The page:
It’s Alive

yellownight

The 383 R/T… It’s Alive

With the kids out on a playdate at their friend’s house and my wife busy on her own in the house,  and good weather, I finally  got around to putting the transmission filter in, putting the pan back on and filling the Torqueflight back up with Dextron 6.

I was anxious to get the car running again, if for anything else, to burn some of the aging gas through the engine and to keep the seals lubricated.

A few details I learned about the Torqueflight are:

The serial number and date code are located on casing on the driver’s side, directly above where the pan seals. The date code has to be calculated from  a starting date of July 29, 1961.  You can use this 10,000 Day Chrysler CALCULATOR  (link goes to MAXWEDGE.com) to discover your date of manufacture. For example, I think mine is 3267, which equals Wednesday, July 8, 1970.

Although my Challenger was originally equipped with a 4-speed, whoever replaced the transmission used a correct date (at least year) 727.  There’s another 4 digit code after that says 6396, if that’s the date code, that means the transmission is from 1979. The whole number is PK35158451 3267 6396. If anyone out there can tell me something else about this, I’d be happy to know. I know PK is the factory = KOKOMO.

I decided to use the larger filter that I had to replace the smaller filter that was on the valve body. Most references I’ve seen show the large filter and the final opinion came from the guy at the O-Reilly store I spoke to when I bought tranny fluid.

I also did not use any sealant with the pan gasket. There are several references on the internet that warn you not to put any sealant to avoid junk from floating into your transmission fluid. The new black material-rubber gasket lined up well with the pan holes while inserted the screws.

The fluid capacity for a Torqueflight is 9 quarts, but I only used 7  quarts to fill up while checking with the tranny in neutral and the engine running. There must have been some residual fluid in the tranny, probably in the the torque converter. And I was happy to get the engine running again.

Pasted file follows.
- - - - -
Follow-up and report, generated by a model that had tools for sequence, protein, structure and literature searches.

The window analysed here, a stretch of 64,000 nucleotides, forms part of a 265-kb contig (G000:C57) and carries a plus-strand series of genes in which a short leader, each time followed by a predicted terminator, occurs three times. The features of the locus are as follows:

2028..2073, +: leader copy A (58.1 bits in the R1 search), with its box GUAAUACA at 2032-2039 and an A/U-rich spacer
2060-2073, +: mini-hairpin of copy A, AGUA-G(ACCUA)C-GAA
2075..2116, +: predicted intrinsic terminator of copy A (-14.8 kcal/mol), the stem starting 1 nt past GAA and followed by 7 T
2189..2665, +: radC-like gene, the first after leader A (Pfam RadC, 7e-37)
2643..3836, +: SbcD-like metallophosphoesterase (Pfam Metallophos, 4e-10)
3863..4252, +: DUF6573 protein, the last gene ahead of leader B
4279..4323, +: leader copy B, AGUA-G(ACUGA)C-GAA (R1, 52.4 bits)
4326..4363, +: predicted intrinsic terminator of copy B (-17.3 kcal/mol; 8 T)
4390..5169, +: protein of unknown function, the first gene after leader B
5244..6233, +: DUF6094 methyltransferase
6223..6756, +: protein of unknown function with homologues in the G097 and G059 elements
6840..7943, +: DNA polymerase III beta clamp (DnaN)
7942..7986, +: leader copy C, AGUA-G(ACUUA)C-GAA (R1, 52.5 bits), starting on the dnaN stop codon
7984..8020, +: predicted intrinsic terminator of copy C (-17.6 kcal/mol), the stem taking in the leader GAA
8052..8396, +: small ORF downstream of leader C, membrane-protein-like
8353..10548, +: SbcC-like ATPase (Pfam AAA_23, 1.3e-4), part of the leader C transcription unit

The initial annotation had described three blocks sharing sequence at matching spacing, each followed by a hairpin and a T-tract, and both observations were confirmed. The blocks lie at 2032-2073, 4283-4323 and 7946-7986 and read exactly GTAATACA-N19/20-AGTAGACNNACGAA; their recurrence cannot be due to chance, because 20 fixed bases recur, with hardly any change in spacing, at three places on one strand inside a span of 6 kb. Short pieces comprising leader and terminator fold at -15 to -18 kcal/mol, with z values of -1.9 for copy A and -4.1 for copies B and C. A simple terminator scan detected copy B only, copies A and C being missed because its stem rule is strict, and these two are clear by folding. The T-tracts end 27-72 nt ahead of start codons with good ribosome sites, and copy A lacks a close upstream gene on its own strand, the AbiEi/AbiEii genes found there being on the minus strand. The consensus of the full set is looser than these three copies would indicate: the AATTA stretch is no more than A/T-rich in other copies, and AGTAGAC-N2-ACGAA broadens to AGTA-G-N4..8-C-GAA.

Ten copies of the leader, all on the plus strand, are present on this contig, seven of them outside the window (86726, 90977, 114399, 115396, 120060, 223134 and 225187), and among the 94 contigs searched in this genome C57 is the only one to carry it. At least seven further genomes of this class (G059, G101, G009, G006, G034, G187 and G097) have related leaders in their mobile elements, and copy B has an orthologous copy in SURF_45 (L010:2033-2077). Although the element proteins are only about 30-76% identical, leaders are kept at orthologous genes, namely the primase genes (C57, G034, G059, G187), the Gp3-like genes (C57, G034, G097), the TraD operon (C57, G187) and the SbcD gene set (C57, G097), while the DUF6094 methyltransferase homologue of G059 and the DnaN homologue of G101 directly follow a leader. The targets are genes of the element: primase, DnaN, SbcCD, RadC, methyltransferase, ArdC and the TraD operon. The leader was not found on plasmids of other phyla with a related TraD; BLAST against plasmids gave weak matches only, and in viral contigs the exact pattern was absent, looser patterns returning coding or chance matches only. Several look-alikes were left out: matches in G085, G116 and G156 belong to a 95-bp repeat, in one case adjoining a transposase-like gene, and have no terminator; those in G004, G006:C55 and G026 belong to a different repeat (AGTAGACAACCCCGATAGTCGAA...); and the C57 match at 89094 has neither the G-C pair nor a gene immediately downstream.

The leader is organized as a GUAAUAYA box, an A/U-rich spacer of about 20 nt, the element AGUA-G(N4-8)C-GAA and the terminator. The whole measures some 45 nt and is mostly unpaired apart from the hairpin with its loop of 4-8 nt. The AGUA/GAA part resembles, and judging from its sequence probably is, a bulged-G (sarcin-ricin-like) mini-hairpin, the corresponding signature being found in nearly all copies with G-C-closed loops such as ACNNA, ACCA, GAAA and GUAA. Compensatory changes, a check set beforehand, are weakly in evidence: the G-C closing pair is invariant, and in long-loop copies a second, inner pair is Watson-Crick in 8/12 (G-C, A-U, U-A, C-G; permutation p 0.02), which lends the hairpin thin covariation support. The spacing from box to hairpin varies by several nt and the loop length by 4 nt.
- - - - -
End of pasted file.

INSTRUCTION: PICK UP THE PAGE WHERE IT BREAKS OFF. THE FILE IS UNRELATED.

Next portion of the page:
Add fluid quart by quart, and once it shows up on your dipstick, be careful to add maybe a 1/4 quart at a time to avoid overfilling. I used a funnel that fits into the dipstick holder and offers a wide mouth to pour fluid.

Dextron II, from what I’ve read is the best choice for your daily driver. Dextron VI seems to have replaced Dextron II, so I used D6. I’ve read Type F can be used for reach application but it could cause additional wear.

It’s been such a long time since I’ve driven the car, I needed to take it out for a spin.

Ever since I bought the car in 2006, I’ve never driven it with any confidence, it’s been laid up at home or hiding in various shops the last few years. But tonight, I finally was able to take the car out and drive it without worrying if something was going to break.

It’s not as powerful as my 440 but the 383 4 barrel feels and sounds every bit the Mopar big block. Even with stock dual exhaust without headers, the acceleration has a great reminiscent feel with good torque pulling through the automatic and I think 3.23 rear gearing.  Nice for a stock engine.

The 383 Hi Performance option (335 HP) has a horsepower peak at 5200 rpm and a whopping 425 Ft lbs of torque at 3400, so out of the showroom you had a high revving engine with the torquey big block which makes a nice all around combination.

Slowing the yellow Challenger down, the drum brakes feel solid and get the job done.

The car needs an alignment to center the steering wheel, but I remember well the feel of the stock steering wheel and the power steering is something that’s appreciated after arm wrestling with my 440 with manual steering!